Wedowee is a small town, population 818, located in east-central Alabama’s Piedmont Upland, part of the foothills of the Appalachian Mountains. The county seat of Randolph County, Wedowee was an important center of political activity in the eastern part of the state during the nineteenth century. It has a mayor/council form of government.
Wedowee Archaeological evidence indicates that Native Americans lived near Wedowee Creek as early as 6,000 BC. Wedowee takes its name from a Creek Indian chief whose town was located adjacent to the small stream that also bears his name. Wedowee, meaning “old water” in the Muscogean language, was originally settled in the early 1830s and became the county seat of Randolph County by 1835. The first post office in Randolph County was established there on April 12, 1837, and the first courthouse, built of logs, was in use by 1836. The courthouse was rebuilt in 1897 after a devastating fire. Another fire in 1940, in which few records were lost, resulted in a third construction.
Wedowee’s earliest settlers were attracted to the area for a variety of reasons. Early writers on the town reported on the purity of the area’s streams and rivers, its fertile soils, and significant deposits of gold, copper, iron and mica, a reflection of the county’s unique geography. Located in the foothills of the Appalachians, the area around Wedowee has rolling hills with a number of streams and ponds. Its climate is temperate with a regular annual rainfall of 54 inches. Good soil, long summers, plenty of water, and an abundance of other natural resources welcomed the county’s early pioneers who settled the land, primarily as farmers.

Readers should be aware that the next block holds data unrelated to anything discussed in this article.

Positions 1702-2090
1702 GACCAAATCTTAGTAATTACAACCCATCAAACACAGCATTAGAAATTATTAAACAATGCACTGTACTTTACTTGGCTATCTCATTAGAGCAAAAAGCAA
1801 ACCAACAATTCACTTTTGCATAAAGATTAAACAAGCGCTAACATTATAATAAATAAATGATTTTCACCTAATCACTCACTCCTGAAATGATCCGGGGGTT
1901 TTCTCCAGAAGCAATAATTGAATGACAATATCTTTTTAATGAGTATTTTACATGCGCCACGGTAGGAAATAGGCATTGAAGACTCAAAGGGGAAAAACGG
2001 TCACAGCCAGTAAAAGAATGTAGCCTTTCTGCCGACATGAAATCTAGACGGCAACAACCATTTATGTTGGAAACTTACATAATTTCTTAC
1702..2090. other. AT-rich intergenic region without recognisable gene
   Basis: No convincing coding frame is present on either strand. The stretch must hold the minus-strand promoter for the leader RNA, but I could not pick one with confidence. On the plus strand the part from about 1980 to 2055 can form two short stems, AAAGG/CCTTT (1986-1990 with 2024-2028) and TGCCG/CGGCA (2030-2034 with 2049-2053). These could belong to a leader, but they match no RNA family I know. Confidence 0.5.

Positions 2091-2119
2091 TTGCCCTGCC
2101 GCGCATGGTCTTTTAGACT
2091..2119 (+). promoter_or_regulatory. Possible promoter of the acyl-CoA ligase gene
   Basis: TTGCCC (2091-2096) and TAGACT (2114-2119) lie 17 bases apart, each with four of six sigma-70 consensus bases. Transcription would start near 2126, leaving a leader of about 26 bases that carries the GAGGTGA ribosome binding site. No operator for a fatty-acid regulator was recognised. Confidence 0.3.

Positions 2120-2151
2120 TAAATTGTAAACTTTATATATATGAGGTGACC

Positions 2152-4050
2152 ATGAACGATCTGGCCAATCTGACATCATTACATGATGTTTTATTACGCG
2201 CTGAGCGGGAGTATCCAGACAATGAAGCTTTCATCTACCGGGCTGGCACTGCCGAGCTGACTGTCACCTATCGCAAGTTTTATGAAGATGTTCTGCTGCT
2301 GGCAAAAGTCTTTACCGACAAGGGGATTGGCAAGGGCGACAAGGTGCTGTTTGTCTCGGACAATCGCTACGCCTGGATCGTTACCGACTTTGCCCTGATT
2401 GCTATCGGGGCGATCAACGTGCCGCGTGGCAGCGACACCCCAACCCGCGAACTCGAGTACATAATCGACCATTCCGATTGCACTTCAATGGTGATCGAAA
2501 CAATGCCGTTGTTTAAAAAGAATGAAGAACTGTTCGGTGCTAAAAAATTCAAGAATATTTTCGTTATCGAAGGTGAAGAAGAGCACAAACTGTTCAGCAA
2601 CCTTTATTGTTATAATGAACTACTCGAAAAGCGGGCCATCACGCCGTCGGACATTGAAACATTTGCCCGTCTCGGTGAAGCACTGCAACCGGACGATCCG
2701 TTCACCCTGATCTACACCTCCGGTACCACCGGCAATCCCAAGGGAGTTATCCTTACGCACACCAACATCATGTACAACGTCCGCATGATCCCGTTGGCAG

Traveling Library Many citizens of Wedowee entered the Civil War on the side of the Union. Known as Tories, they bitterly opposed secession. After the Civil War, during the period of Reconstruction, Wedowee Tory William H. Smith became the first Republican governor of Alabama in July 1868. During his administration, Randolph County, along with several surrounding counties, fell deep into fiscal debt. This resulted in Randolph County losing its right to govern itself. Within a decade, however, the state relieved the county of its debt, thereby ending a difficult period in the area’s history.
Wedowee witnessed significant political turbulence during Reconstruction. African American residents were terrorized by the Ku Klux Klan, which was active during the late 1860s and 1870s in response to perceived threats to white rule. Continued financial strains and severe drought during the late 1870s and early 1880s magnified the political strife between voters and politicians and between Democrats and Republicans, who were in the majority. Political sentiments were important in the development of the several newspapers established in Wedowee and Randolph County. The American Eagle, a Know-Nothing newspaper that arose during the debate over the Compromise of 1850 and the Kansas-Nebraska Act, was first published in January 1856. Additional papers, including The Journal (1870s), The Randolph Toiler (also known as The Reformer or The Clipper, 1894–1899), The Randolph Star (1902–ca. 1915) and The Randolph Press, were also published in Wedowee. These papers offered political commentary, advertising, and social news to the inhabitants of Randolph and surrounding counties.
Lonnie White Bridge Throughout the twentieth century, Wedowee remained a small agricultural community. Recent growth has come as a result of Lake Wedowee, created by the impoundment of the Big and Little Tallapoosa Rivers by the R. L. Harris Dam. Lake visitors come from areas such as Atlanta and Newnan, Georgia, and have made a substantial impact on the town’s economy. New businesses, factories, and merchants have located inside the city limits, many in order to accommodate the influx of county residents. Lake Wedowee and Mount Cheaha, Alabama’s highest peak, attract large numbers of sports and outdoors enthusiasts to the Wedowee area.